What I was surprised to learn as I started researching it was Richard had that public face that was in a lot of ways was calculated. But, when he was in private or on the courts with his family he was really soft, and encouraging and loving. He was the antithesis of what you’d expect from that hard driving coach. I thought that would be really compelling for audiences to see, that he was someone that contained multitudes or wildly swinging personality traits.

Warner Bros

The end of the film says both Williams sister were involved in an Executive Producer role, is that a hands-on role, are they there overseeing the script saying yes and no, or is it more or less them giving their blessing to go and make the film?

More the latter. I wrote the script for two producers Tim and Trevor White, and we did not have the rights or any contact with the family. So, the script that Will read was written independently without the family’s involvement. But, we all knew for two reasons that we wanted the family’s cooperation.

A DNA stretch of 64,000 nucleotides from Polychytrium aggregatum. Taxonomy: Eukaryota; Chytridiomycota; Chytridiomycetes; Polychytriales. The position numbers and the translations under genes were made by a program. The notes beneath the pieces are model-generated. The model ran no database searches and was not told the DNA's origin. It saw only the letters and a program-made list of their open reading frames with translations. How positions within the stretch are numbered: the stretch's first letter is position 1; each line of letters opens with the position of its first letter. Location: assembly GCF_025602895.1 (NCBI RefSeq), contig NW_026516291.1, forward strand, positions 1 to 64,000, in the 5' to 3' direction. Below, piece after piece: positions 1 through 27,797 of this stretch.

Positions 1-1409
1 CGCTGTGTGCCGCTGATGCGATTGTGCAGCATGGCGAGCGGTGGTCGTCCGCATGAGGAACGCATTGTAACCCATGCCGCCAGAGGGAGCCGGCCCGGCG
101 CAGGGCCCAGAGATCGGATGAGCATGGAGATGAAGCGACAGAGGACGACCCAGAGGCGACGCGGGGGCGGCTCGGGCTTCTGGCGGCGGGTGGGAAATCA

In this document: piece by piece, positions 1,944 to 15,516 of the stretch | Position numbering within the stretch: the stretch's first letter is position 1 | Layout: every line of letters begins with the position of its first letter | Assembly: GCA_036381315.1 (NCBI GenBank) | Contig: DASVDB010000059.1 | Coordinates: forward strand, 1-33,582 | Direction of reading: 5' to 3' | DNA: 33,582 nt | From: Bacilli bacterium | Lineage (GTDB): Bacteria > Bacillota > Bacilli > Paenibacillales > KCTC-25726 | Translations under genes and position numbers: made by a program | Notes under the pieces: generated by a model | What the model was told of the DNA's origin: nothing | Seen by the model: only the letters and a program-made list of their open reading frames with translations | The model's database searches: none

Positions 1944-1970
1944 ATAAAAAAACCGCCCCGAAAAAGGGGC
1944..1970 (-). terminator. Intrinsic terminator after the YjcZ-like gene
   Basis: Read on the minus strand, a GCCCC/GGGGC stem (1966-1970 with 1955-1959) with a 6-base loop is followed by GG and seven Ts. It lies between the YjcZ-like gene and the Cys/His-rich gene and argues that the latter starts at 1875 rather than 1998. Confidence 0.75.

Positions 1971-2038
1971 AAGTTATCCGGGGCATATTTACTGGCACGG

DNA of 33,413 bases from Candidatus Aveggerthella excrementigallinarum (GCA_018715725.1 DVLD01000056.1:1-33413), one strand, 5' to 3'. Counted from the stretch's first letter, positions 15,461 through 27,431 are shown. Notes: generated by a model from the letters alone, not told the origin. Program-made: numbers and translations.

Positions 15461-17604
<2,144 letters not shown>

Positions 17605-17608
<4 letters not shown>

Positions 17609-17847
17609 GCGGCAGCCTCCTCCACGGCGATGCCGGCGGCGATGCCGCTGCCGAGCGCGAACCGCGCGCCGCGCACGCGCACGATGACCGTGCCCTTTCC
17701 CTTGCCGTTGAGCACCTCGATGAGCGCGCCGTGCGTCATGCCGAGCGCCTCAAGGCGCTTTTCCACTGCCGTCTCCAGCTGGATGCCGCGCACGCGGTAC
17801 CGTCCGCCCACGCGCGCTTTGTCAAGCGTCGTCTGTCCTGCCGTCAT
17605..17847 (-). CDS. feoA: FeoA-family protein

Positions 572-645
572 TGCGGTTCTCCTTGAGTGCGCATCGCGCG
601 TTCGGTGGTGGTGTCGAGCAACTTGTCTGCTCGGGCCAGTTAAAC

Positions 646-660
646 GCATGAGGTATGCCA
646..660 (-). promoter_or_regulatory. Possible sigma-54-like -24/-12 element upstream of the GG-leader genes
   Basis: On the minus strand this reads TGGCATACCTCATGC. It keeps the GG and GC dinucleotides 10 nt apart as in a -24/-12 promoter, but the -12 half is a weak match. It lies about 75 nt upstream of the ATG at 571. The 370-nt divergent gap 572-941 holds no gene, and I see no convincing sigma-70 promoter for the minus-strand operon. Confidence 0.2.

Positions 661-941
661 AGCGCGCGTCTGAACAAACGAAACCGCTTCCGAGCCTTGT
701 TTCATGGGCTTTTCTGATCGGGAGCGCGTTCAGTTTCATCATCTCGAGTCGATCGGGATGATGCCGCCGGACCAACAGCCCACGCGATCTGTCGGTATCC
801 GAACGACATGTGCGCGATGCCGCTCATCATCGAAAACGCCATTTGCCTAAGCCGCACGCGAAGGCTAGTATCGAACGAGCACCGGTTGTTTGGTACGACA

One, there were aspects of the research that I was never going to be able to get right. Just from reading books and watching the videos. I did a lot of interviews with people who had touched their life, so I had spoken to them, but not the family. We knew we wanted it to be a really intimate family drama.

And to understand what Venus and Serena’s life was like, not just on the court, but what was it like riding in the van with you five sisters every morning. Were you guys exhausted and cranky, or were people cracking jokes. What did it feel like? So, I wanted to get a chance to sit down and interview then.

So, the revisions I made to script once we got it in front of the family, I felt, were very additive. It wasn’t sitting down with them and them saying “please don’t put this in the script” it was us asking for more stories so that we could put them in the script, and get things accurate.